Serving Minnesota and Northern Iowa.

Points to consider if planning a drainage project

By Janet Kubat Willette
jkubat@agrinews.com

Date Modified: 03/28/2013 8:58 PM

E-mail article | Print version

NORTH MANKATO, Minn. — The annual Extension Drainage Design Workshop will be held in North Mankato from March 26-27 (this is a rescheduled date due to weather).

The workshop is a collaborative effort between University of Minnesota Extension and South Dakota State Extension Service. The two-day workshop starts at 8:30 a.m. and ends at 5 p.m. on day two.

The workshop will focus on the planning and design of agricultural tile drainage systems to meet both profitability and environmental objectives. The course content is taught in a hands-on manner with lots of discussion time.

The workshop is intended for those interested in a more complete understanding of the planning and design principles and practices for drainage and water table management systems, including: farmers, landowners, consultants, drainage contractors, government agency staff and water resource managers. Planning topics include legal aspects, basics of drainable soils, agronomic perspectives, considerations of doing your own tiling, land evaluation tools and conservation drainage concepts and techniques.

The design topics begin with basic design considerations and progress through individual small team projects, with several hands-on problem-solving examples covering basic design and layout principles, water flow calculations, tile spacing, sizing, and tile grades. Design principles for lift stations and conservation drainage practices are also considered.

For more information call Brad Carlson at 507-389-6745, or Gary Sands, Extension engineer, at 612-625-4756.

OWATONNA, Minn. — Is there a drainage project in your future?

University of Minnesota Extension educator Brad Carlson offered "10 Points to Consider When Planning an Agricultural Drainage System," during a presentation March 14 at the North American Farm and Power Show in Owatonna.

The first step is to file a Form 1026 with the Farm Service Agency.

Compliance with federal Swampbuster rules is the responsibility of the operator, so be sure to have a certified determination of wetlands from the Natural Resources Conservation Service before tiling begins, Carlson said.

Be aware that compliance with Swampbuster doesn't mean compliance with the state Wetlands Conservation Act or U.S. Army Corps of Engineers rules, he said. There are differences between the state and federal rules. Stop by the county Soil and Water Conservation District to be sure you're not in violation of state rules or Army Corps of Engineers rules.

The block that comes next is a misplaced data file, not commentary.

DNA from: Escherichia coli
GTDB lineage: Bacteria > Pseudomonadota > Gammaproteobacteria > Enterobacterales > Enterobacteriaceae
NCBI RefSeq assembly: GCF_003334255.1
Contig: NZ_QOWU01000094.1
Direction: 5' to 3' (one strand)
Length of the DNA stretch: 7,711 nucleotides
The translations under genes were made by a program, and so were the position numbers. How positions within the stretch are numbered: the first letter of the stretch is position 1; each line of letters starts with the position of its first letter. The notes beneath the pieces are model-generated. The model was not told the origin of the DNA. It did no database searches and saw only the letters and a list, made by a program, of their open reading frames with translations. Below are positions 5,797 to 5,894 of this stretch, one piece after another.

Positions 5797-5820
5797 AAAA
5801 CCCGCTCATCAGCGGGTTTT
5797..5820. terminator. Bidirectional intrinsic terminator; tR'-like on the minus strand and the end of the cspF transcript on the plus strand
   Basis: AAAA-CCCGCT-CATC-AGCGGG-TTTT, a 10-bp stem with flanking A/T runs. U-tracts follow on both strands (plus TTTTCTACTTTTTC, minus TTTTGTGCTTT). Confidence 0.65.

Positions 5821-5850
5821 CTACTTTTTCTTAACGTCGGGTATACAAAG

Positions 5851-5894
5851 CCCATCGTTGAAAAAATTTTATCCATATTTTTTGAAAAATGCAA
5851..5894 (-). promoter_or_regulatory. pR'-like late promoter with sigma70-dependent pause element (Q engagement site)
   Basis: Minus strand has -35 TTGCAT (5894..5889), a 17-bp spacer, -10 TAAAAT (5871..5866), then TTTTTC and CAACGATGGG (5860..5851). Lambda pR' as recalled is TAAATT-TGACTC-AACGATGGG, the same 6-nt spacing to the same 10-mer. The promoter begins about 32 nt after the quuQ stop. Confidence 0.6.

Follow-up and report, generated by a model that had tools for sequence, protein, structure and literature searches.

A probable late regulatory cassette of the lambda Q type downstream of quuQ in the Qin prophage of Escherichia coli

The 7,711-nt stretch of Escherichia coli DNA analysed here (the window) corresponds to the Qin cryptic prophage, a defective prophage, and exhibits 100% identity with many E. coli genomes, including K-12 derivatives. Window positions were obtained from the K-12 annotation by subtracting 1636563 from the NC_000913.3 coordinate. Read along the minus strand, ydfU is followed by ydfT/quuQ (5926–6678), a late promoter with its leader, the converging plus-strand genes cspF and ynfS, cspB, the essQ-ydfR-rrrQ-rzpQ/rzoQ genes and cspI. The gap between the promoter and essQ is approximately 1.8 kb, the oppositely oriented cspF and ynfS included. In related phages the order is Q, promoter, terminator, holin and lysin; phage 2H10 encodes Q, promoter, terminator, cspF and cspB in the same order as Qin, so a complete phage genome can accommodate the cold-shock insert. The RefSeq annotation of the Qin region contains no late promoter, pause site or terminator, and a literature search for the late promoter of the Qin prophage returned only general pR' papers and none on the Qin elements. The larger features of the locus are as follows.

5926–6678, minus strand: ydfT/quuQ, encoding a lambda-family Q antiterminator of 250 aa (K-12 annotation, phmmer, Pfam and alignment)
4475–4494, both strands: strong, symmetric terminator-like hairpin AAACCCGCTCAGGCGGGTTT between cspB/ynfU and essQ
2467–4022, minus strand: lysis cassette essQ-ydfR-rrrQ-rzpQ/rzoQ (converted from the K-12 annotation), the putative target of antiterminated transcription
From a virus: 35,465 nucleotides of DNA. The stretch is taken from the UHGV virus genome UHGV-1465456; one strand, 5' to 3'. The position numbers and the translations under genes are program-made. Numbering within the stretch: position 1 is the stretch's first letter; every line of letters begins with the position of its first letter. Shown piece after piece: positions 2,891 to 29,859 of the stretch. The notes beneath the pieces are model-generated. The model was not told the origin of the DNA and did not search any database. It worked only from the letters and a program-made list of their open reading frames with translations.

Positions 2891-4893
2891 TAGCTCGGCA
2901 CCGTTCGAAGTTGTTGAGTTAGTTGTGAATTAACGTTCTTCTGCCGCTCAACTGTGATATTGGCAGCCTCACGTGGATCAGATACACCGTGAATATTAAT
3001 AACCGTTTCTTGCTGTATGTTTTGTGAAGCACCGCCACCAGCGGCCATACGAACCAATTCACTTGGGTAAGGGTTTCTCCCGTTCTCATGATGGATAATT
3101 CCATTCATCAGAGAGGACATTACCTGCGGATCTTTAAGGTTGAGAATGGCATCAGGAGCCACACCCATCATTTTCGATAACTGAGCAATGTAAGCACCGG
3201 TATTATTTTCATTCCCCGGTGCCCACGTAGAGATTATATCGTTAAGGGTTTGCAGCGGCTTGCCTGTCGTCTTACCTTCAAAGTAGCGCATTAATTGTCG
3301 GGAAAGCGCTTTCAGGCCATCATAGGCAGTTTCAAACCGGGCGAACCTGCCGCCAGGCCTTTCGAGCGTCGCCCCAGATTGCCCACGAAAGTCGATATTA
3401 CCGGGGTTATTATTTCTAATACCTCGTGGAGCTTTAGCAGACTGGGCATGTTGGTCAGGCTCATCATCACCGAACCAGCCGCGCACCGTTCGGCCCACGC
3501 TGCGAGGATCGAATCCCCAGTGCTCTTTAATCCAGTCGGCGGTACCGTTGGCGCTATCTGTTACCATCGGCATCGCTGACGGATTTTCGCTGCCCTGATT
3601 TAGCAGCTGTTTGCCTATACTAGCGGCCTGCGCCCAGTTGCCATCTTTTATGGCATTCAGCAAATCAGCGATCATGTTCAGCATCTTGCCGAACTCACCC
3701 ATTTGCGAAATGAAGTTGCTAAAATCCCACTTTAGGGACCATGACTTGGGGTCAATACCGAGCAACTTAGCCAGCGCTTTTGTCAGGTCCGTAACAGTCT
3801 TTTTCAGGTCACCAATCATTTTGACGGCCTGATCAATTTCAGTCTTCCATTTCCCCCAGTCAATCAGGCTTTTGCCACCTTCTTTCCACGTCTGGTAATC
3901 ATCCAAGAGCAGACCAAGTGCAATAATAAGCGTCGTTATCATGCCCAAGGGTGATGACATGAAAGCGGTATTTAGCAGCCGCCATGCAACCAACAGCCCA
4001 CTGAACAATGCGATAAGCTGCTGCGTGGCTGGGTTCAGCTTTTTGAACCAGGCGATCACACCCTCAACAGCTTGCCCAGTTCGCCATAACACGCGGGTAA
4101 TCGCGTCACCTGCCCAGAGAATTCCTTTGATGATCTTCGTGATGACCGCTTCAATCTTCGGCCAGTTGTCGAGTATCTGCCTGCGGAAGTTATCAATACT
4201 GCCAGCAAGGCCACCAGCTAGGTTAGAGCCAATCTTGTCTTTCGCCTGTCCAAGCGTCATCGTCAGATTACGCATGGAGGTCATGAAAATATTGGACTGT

Point No. 2 is to see if the property is part of a public drainage system.

"If you intend to connect to a public ditch or tile system, you should pay a quick visit to your county ditch inspector to ensure that you are permitted to do so," Carlson wrote in his handout.

The single biggest reported problem with tile systems is that they don't work, he said. Before tiling, make sure the outlet has the capacity to handle the amount of water that may discharge from your field at peak flow.

It's also a good idea to talk to neighbors who may be impacted by your tile project.

"Be sure that you are not flooding your neighbors by sending your water on them, or overloading tile mains," Carlson wrote.

If you don't have access to an outlet or it will be costly to install a new outlet, perhaps it's time to consider a conservation program or selling the property. The state wetland bank allows for the transfer of wetland credits, Carlson said. A link to the wetland bank can be found at www.bwsr.state.mn.us/wetlands/index.html.

"In some cases, wetland mitigation credits can be sold for more than the property is worth," he said. Don't consume resources on marginal land, instead use those resources for other investments.

Carlson advises farmers to use science and experience for design. There is a science behind designing drainage systems, he said, and there is training available if you choose to do your own tiling.

"There is a difference between what works and what works best," Carlson wrote. "Think about whether you are choosing the correct tile layout, size, depth, spacing and grade."

When installing tile, make sure it has capacity for future drainage. Make consideration for retrofit for conservation drainage, woodchip bioreactors, saturated buffer drains, alternative surface intakes or other technologies.

It's worth thinking about these options before committing to a design, he said. It's not necessarily more expensive to design a system in a way to accommodate these emerging drainage technologies.